East Jerusalem newspaper Al Quds backs Gaydamak for mayor
A high turnout of Palestinian voters on election day could tip the scales in Russian billionaire's favor.
With a little over two weeks left before municipal elections, two questions are becoming increasingly important: Will the Palestinians in East Jerusalem come out to vote, and, if so, will they cast their ballots in the thousands for Arcadi Gaydamak? A yes on both counts could completely change the voting results in the capital. The East Jerusalem press now gives the unmistakable impression that Palestinian officials are trading in their overt, official boycott of the elections for a show of understanding or even open support for voting, for the good of the Palestinian cause. Missing from the most recent issues are references to those who voted in the municipal elections as collaborators or even traitors.
Saturday's edition of the important East Jerusalem paper Al Quds featured articles on and interviews with the mayoral candidates, in which Gaydamak was presented as the one preferred by the Palestinians. The ultra-Orthodox candidate, Meir Porush, was described as a "Jewish extremist," while Nir Barkat's past as a paratroops officer was mentioned and he was described as an "extreme nationalist businessman." In contrast, the paper called Gaydamak a "billionaire of Russian origin," without even mentioning the fact that he is Israeli and Jewish.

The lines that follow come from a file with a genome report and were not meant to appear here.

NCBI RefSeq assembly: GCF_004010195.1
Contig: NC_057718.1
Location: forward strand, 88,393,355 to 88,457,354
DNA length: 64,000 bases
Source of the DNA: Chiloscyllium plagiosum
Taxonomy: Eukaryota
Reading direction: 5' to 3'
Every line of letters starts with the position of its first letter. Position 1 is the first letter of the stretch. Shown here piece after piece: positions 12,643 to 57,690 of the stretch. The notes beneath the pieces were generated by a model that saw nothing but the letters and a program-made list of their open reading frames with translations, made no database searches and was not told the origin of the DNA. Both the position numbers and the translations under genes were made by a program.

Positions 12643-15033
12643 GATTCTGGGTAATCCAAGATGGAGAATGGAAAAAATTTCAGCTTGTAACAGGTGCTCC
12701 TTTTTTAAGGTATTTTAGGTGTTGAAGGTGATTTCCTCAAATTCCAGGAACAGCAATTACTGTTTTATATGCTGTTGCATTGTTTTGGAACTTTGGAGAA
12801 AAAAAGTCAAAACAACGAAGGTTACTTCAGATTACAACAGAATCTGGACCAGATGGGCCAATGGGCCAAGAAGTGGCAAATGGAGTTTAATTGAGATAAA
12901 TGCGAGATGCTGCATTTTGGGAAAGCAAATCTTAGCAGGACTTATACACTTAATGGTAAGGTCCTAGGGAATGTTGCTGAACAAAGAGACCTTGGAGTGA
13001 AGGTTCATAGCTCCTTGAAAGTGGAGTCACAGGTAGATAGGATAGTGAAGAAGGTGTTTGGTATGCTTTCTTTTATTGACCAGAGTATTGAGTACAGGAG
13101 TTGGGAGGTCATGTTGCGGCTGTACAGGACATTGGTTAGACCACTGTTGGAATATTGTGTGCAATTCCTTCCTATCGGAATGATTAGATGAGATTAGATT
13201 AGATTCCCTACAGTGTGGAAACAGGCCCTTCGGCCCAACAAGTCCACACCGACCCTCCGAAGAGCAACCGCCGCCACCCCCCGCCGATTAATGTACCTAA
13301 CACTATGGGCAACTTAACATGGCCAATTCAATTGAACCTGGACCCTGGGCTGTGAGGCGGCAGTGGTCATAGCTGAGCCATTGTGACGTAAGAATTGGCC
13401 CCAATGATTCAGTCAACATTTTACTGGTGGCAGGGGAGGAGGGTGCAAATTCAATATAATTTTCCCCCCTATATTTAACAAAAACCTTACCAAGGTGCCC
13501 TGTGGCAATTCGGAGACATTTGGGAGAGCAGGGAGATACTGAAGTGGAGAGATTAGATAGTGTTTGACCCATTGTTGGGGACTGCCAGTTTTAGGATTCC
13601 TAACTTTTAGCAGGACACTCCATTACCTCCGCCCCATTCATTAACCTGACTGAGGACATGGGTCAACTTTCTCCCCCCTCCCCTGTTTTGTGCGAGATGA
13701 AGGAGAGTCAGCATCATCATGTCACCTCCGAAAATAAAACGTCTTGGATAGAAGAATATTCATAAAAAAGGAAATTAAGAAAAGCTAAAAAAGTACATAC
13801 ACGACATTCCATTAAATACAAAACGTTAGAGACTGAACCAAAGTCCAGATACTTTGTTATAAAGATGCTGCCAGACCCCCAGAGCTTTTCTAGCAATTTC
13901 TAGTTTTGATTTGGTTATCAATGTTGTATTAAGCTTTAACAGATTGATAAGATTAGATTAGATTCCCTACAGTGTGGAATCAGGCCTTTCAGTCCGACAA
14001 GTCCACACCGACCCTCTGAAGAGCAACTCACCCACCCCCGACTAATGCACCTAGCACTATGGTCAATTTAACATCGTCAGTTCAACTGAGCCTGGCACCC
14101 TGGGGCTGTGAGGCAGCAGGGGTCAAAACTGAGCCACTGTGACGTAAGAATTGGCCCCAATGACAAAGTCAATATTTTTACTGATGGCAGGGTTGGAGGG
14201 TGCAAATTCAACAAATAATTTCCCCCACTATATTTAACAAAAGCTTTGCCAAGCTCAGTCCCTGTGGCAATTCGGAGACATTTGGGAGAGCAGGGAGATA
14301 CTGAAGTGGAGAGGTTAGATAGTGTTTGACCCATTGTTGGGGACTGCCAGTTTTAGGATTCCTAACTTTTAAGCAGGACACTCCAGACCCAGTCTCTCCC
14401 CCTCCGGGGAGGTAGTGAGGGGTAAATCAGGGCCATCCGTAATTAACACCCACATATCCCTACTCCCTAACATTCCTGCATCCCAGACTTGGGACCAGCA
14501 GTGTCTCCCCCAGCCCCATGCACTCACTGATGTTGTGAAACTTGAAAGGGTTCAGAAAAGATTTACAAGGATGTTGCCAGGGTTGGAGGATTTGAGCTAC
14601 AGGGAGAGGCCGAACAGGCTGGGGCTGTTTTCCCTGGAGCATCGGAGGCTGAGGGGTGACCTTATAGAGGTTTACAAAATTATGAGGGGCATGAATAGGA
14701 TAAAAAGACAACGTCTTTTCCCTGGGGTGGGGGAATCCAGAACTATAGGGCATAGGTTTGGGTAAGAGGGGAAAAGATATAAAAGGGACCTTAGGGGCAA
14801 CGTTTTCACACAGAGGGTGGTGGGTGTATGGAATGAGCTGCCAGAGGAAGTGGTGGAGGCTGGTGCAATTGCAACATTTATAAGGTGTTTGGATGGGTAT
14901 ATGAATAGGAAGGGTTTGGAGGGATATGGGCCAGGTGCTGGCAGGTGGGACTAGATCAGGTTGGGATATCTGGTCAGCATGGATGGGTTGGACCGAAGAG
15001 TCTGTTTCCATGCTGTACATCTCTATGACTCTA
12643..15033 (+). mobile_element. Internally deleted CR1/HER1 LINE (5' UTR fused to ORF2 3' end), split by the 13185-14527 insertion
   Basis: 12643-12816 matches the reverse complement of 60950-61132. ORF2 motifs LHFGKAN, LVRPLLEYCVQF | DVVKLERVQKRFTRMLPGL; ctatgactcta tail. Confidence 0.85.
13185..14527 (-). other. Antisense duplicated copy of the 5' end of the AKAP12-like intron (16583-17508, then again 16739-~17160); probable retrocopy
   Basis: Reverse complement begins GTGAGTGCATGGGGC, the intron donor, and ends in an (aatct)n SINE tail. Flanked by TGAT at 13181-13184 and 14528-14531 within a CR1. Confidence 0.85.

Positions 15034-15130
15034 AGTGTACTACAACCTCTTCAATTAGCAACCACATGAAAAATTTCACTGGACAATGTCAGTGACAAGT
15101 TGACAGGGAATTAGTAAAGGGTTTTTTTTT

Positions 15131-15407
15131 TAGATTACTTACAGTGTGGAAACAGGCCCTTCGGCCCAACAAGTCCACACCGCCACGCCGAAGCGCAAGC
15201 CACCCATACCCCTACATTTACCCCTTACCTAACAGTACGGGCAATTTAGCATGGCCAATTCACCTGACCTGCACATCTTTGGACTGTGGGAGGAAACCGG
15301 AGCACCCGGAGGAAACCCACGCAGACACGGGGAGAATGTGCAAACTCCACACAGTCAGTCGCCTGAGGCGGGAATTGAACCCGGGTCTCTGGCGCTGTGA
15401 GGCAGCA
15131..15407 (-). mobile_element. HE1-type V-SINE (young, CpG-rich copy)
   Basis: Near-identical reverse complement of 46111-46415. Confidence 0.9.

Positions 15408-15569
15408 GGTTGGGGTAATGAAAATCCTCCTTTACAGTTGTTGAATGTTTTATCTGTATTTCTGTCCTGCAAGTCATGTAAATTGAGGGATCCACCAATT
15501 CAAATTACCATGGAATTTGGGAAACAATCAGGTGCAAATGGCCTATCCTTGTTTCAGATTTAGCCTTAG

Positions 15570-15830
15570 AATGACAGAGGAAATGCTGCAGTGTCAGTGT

Gaydamak's intensive campaigning in East Jerusalem has included a secret meeting with the grand mufti of Jerusalem, Muhammad Ahmad Hussein. On Sunday he is scheduled to meet with a number of other public figures, including the journalist and independent political activist Hanna Siniora. A separate campaign headquarters is working to get out the East Jerusalem vote. Its main figure is Akram Abu Shalbak, a confidant of Palestinian President Mahmoud Abbas. Other features of Gaydamak's quiet campaign among Palestinian voters include a weekly election newspaper in Arabic.
East Jerusalem politicians were quoted in Saturday's edition of Al Quds as being impressed by the practical tone taken by Hatam Abd al-Qadir, Abbas' advisor on Jerusalem affairs. Just one month ago Abd al-Qadir called on all Jerusalem residents to boycott the elections. Now he is being quoted by the French press agency as saying that although voting in the election does deepen the recognition of Israeli sovereignty in the city, if the working assumption of the peace talks changes to a dialogue for the establishment of a binational state, "I will call on all Jerusalemites to vote, even for the Tel Aviv municipality."
The politicians said this was not a call to vote, and also not a call for a boycott. They also noted that PA officials are waging a battle against the decision by city hall and the Interior Ministry not to open polling stations in Palestinian population centers beyond the separation fence, despite the presence of inhabitants with Jerusalem residency permits who are eligible to vote in the city elections.
Siniora argues that East Jerusalem Palestinians must vote in the municipal elections in order to stop Jewish settlement and demolitions of Arab homes in East Jerusalem.
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